CVE Vulnerabilities


Uncontrolled Resource Consumption

Published: Feb 19, 2024 | Modified: Apr 17, 2024
CVSS 3.x
CVSS 2.x

A vulnerability was found in Undertow. This vulnerability impacts a server that supports the wildfly-http-client protocol. Whenever a malicious user opens and closes a connection with the HTTP port of the server and then closes the connection immediately, the server will end with both memory and open file limits exhausted at some point, depending on the amount of memory available.

At HTTP upgrade to remoting, the WriteTimeoutStreamSinkConduit leaks connections if RemotingConnection is closed by Remoting ServerConnectionOpenListener. Because the remoting connection originates in Undertow as part of the HTTP upgrade, there is an external layer to the remoting connection. This connection is unaware of the outermost layer when closing the connection during the connection opening procedure. Hence, the Undertow WriteTimeoutStreamSinkConduit is not notified of the closed connection in this scenario. Because WriteTimeoutStreamSinkConduit creates a timeout task, the whole dependency tree leaks via that task, which is added to XNIO WorkerThread. So, the workerThread points to the Undertow conduit, which contains the connections and causes the leak.


The product does not properly control the allocation and maintenance of a limited resource, thereby enabling an actor to influence the amount of resources consumed, eventually leading to the exhaustion of available resources.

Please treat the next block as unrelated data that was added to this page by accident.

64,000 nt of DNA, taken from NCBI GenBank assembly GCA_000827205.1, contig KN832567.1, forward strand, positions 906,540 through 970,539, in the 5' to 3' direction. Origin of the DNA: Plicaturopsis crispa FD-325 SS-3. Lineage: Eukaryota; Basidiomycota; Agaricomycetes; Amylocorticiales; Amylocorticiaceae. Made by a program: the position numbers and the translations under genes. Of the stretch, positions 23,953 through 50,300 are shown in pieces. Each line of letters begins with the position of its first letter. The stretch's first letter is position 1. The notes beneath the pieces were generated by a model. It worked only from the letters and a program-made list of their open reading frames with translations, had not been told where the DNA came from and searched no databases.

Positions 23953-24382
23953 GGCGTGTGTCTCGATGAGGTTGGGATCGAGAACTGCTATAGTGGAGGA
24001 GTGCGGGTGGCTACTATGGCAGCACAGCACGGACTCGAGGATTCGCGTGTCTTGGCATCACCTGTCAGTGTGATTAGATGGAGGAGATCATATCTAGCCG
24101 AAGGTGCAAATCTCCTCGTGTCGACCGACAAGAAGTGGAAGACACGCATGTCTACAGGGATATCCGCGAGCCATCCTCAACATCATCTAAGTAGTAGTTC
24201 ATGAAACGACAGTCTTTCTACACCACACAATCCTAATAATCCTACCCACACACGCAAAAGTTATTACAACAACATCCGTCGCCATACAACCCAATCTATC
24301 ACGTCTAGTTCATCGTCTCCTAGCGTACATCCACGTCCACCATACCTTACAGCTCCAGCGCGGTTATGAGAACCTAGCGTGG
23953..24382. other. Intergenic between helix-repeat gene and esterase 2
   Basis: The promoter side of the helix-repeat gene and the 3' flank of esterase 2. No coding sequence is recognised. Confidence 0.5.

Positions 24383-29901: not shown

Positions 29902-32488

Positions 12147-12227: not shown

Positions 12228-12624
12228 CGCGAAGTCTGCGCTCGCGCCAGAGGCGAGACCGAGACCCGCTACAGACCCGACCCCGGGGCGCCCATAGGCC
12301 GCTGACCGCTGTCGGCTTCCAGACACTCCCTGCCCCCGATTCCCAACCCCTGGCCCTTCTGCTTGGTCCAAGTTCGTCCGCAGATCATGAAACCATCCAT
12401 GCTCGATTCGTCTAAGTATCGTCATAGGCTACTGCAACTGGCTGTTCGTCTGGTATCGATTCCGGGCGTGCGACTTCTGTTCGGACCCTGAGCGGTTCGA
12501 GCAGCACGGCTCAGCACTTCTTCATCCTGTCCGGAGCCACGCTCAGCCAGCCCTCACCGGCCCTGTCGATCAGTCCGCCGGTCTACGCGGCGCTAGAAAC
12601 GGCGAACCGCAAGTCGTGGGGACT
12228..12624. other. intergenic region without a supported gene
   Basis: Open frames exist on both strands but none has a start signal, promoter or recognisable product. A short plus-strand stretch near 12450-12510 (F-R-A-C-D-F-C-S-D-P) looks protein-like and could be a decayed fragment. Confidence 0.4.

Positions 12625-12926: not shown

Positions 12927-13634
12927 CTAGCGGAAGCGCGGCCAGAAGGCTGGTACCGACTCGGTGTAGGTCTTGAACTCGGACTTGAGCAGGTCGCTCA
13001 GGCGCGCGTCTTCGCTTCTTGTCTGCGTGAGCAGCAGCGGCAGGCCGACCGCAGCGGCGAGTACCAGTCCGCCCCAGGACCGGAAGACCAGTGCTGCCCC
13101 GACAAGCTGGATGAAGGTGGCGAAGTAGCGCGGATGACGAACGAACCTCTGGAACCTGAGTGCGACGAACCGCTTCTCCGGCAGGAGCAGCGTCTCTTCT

Extended Description

Limited resources include memory, file system storage, database connection pool entries, and CPU. If an attacker can trigger the allocation of these limited resources, but the number or size of the resources is not controlled, then the attacker could cause a denial of service that consumes all available resources. This would prevent valid users from accessing the product, and it could potentially have an impact on the surrounding environment. For example, a memory exhaustion attack against an application could slow down the application as well as its host operating system. There are at least three distinct scenarios which can commonly lead to resource exhaustion:

Resource exhaustion problems are often result due to an incorrect implementation of the following situations:

Potential Mitigations

  • Mitigation of resource exhaustion attacks requires that the target system either:

  • The first of these solutions is an issue in itself though, since it may allow attackers to prevent the use of the system by a particular valid user. If the attacker impersonates the valid user, they may be able to prevent the user from accessing the server in question.

  • The second solution is simply difficult to effectively institute – and even when properly done, it does not provide a full solution. It simply makes the attack require more resources on the part of the attacker.